Watch the talk video on youtube

Slides on

The session listing on lanyrd has some photos etc linked from there.

The following is the slides in a form which is less likely to crash your browser, along with notes


Open Technology enthusiasts will have heard of OpenStreetMap before


If you’ve only taken a quick look, you’ll perhaps have the idea that OpenStreetMap is an open source competitor to Google maps. It kind of is that, but that’s not really the whole story.


It’s more accurate to compare OpenStreetMap with wikipedia. It is very much the wikipedia of maps. Similar for a number of reasons….

Continue reading “OpenStreetMap at OpenTech 2011”

London Silicon Roundabout meet-up

I went along to a “London Silicon Roundabout meet-up” last week. It’s a very dragons den style business pitching sort of event, both in the presentations later on, and in the kind of conversations people were having while socialising beforehand. I did my best to describe to a few people, but I shall have to polish my pitch a little. The various projects we have on the go at the moment, make for a rather confusing story. I probably should’ve stuck to describing our iPhone app ‘UK TravelOptions’.

After the socialising with beers on the roof terrace, there was a more formal sit-down presentation session. I think the presenters were told they had five minutes and then given 15/20 minutes. ~100 people in the audience. Some were real investors. Many, like me, were just enjoying playing the role, imagining ourselves to be investors. Lots of chin scratching and awkward questions being asked. These were the presentations and some of my thoughts on them: – User generated news site a.k.a. citizen journalism. Well presented. They have algorithms for deciding if content is unconfirmed vs credible (which he over-egged the sophistication of). Also rating mood of an article on a percentage level. This idea reminded me a lot of (ancient history). But I mainly found it interesting that they’d gone for localised city-based news sites. He didn’t really explain why. – iPhone app for meeting up with friends. Meetings are auto-arranged matching by location (a geo app!) and also by your free time calendar. They’re building their own more exclusive friends network. Just your close friends, rather than hooking into twitter and facebook networks. It was a slick presentation, but it’s doomed to fail. There’s a huge critical mass challenge with that idea, worse, a “geo-critical-mass” challenge. This has killed many other “find friends nearby” app ideas which have gone before it. – I wanted this to be a good pitch. The idea is obvious from the name, and it’s a good one. As a student I was bristling with untapped computer programming enthusiasm, and a need to earn some peanuts, but no obvious gateway into casual part-time skilled job. Companies (as far as I could tell at the time) were only looking for full time graduates. And yet since then I’ve come across countless situations where I’ve thought “surely we could hire a student to do this fun bit of website coding”. Sadly the pitch scored a big FAIL because he didn’t show the actual website! Also his claim of quality (of freelancers) was not backed up with a convincing explanation. – eductional mobile app. Presenting educational content and testing interfaces within a mobile app, but also a platform for creation of content. It was clear they’d engaged with school teachers and academics, and figured out clever ways of letting them, or persuading them, to do simple content authoring for mobile screens. This was my favourite talk. Education is a fun software genre. Mobile education is going to be big. I wonder if john mckerrel’s examtutor apps were one of the competitors they’d checked out. I’m sure my android app will be if I ever release it 🙂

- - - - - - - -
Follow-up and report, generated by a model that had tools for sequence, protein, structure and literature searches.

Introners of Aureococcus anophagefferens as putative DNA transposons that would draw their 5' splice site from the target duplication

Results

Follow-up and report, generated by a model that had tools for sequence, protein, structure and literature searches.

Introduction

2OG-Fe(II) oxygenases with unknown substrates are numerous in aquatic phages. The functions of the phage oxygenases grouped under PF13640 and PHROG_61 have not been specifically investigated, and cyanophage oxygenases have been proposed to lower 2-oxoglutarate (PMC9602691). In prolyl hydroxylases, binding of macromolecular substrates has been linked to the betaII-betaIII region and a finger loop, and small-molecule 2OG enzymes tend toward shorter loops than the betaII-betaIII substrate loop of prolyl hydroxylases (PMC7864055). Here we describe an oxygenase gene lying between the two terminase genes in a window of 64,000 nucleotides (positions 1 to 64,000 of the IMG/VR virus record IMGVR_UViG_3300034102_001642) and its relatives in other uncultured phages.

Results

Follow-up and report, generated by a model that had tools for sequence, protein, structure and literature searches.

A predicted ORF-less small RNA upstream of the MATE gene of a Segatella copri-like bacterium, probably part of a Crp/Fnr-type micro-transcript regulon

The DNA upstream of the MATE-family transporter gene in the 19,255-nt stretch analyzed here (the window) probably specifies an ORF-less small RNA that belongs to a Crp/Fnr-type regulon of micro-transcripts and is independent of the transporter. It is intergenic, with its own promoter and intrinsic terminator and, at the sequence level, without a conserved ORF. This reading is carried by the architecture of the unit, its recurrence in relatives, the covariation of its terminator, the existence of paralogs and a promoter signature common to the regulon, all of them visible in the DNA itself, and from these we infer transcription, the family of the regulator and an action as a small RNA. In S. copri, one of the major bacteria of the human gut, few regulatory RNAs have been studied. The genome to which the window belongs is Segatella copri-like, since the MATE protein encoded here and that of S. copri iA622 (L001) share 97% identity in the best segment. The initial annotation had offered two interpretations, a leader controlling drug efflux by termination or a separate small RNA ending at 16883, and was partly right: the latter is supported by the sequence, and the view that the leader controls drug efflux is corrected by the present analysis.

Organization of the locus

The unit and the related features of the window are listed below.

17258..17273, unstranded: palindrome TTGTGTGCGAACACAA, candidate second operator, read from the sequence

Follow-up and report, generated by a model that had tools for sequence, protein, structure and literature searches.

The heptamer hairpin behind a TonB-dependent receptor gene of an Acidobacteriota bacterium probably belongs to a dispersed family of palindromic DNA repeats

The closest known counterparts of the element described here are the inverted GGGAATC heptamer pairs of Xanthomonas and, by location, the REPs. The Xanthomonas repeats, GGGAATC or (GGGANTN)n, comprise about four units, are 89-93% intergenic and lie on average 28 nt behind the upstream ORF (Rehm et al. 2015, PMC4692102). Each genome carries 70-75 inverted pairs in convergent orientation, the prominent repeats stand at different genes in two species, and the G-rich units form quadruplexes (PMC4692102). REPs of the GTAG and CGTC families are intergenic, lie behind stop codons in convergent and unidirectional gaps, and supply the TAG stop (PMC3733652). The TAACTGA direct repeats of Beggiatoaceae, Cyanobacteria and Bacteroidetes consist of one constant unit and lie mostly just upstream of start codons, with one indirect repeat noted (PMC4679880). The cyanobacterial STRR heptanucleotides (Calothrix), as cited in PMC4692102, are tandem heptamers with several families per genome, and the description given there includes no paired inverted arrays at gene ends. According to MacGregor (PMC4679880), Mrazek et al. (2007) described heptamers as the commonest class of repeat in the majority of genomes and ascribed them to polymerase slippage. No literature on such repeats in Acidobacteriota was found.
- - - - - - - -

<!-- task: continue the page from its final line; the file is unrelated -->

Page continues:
Tag Bento – tagging of objects in photos. Didn’t really understand the idea of this one. Photos of products. e.g. make-up bag spread out on a table. These were ‘tagged’ with linkified areas of the photos taking you to sites for purchasing them. Users could create these object tagged product photos, but it wasn’t clear why.

“I’ll tell you where I am… I’m out”